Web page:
Bill, my cheapo Harbor Freight winch is so slow, if I”d do 2/1 I’d have been there a week. I think it burned up just because of duty cycle rather than any problems with loading. I’ve had huge problems with winches over the last 20 years, both high priced and low. Frustrating, as I’m a guy that needs a winch that does more than ride on my bumper and look cool. Lou

  9. john gloor October 19th, 2014 10:21 pm

    Hi Lou. If you haven’t got the tub in place and need a portable winch, I have a
    Tirfor TU32 and 100′ of 5/8″ cable you can borrow. I bought it a couple of years ago to use with two of my vehicles, but I have never used it.

  10. john gloor October 19th, 2014 10:24 pm

    Never mind. I didn’t see the last photo.

  11. Lou Dawson 2 October 20th, 2014 6:31 am

    Indeed, we used it twice this weekend and even had some friends visit! It was wonderful. The wood heater works super well, but the company that designed the whole thing didn’t do a very good job of engineering the water levels. When you get a bunch of people in there if overflows, then when they get out the water level goes down below the safe level for the stove. So that’s our next challenge.

  12. Lisa Dawson October 20th, 2014 7:10 am

    Yes, water level is the next challenge along with finding another used wood fired tub or snorkel stove for our house in town. Honey-do never ends.

  13. Mark October 20th, 2014 12:14 pm

    Lisa, we have a snorkel stove, our tub returned to the earth a few years back let me know if your interested, trades welcome.

  14. Pat B October 20th, 2014 3:32 pm

    What’s the story with the outhouse up on logs? Are you using the bucket and sawdust method? Separating liquid or everything in the same bucket? What are you doing when the bucket fills, compost pile? As you can tell, this is my next project at our backcountry retreat! 🙂

    Wood fired hot tub may be next fall 🙂

  15. Matt October 20th, 2014 3:38 pm

    Next time just use the Wild Snow heavy lift helicopter.

  16. Lou Dawson 2 October 20th, 2014 4:17 pm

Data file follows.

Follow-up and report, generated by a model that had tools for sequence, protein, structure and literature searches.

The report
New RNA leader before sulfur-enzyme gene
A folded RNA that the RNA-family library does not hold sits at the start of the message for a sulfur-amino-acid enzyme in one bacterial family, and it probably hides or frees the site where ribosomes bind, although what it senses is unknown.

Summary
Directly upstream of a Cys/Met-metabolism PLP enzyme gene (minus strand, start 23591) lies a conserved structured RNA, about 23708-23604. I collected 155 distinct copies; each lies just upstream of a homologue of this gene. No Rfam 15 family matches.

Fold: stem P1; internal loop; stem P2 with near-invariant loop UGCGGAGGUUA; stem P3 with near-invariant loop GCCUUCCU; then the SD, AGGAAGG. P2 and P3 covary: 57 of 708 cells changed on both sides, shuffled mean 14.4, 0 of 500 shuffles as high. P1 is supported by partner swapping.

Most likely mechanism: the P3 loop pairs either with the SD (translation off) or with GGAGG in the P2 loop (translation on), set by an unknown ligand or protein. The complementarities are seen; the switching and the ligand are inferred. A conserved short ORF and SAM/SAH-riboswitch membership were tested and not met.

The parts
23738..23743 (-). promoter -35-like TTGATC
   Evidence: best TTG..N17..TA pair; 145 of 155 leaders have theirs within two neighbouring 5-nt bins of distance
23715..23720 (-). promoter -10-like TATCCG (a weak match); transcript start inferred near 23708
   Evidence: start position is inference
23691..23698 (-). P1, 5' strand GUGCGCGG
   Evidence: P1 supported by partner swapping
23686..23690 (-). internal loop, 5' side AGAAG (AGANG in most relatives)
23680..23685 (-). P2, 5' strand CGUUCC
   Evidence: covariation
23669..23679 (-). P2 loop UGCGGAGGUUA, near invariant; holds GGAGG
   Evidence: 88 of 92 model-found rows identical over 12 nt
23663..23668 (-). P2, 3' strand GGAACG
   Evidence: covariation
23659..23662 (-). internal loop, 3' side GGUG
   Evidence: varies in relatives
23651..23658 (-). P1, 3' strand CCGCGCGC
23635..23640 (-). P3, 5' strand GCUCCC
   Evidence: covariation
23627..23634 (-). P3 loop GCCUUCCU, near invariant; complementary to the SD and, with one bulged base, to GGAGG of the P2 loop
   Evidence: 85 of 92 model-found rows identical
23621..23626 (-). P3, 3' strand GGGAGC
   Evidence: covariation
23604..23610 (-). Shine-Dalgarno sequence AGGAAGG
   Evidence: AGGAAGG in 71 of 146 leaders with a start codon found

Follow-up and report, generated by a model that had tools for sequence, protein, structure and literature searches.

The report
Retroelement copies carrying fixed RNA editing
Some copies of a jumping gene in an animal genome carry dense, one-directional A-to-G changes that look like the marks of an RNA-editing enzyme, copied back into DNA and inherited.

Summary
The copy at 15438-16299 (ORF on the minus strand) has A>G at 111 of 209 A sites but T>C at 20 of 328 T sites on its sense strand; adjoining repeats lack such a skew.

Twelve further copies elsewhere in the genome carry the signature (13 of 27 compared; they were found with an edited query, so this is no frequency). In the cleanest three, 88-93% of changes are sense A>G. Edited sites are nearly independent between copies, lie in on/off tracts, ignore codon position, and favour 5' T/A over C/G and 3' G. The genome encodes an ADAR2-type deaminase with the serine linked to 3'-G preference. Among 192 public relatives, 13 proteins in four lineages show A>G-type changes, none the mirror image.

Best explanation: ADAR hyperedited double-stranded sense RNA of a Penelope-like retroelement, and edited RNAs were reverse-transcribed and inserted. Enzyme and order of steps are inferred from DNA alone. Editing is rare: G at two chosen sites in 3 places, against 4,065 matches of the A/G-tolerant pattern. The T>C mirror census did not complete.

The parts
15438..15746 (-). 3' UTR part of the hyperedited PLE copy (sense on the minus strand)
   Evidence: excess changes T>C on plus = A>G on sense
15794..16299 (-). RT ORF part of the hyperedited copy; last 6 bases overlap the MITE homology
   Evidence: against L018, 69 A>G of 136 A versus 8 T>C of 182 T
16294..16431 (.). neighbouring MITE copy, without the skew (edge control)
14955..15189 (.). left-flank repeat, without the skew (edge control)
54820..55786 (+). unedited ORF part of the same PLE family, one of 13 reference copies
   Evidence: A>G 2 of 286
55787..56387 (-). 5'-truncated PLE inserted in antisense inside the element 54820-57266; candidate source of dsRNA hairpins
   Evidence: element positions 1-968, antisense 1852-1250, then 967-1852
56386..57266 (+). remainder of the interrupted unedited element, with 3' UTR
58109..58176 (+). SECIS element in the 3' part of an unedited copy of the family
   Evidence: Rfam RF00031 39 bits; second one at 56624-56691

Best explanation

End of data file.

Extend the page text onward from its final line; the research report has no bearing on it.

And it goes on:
Hi Pat, that’s just to get above the snow for less shoveling. The snow gets to be around 7 feet deep by the end of March, so all we’d ever dig is about 3 feet. We use a wag-bag system, disposed of in civilization. Sometimes we just incinerate. Both methods work well for short stays with minimal number of people. Basicly a diaper pail without the diapers (though I keep a few on hand just in case). I’d compost but the county we’re in has gone overboard with legislation by rule-making when it comes to land use code, and they’re super strict now about waste disposal. Which means that composting requires an elaborate and very expensive composting toilet that’s total overkill. Now that much Wilderness and river travel requires hauling your human waste around, folks seem to be pretty comfortable with our systems if they have much river or wilderness experience. Oh, and to make the system work best you simply don’t pee in the po* bucket, just pee in the forest first — which doesn’t work with young kids but adults can learn. 🙂 We use kitty litter or sawdust as an adjunct to make the waste easier to “handle.” Incineration is actually the best method, I’d simply use some wax paper and newspaper in a bucket, then pitch the results onto a medium to large size campfire. You can burn the stuff in a wood stove as well, human waste is basically just chewed up food. Key is shedding our stupid western uptightness about crap and just dealing with it in the most practical and sanitary way.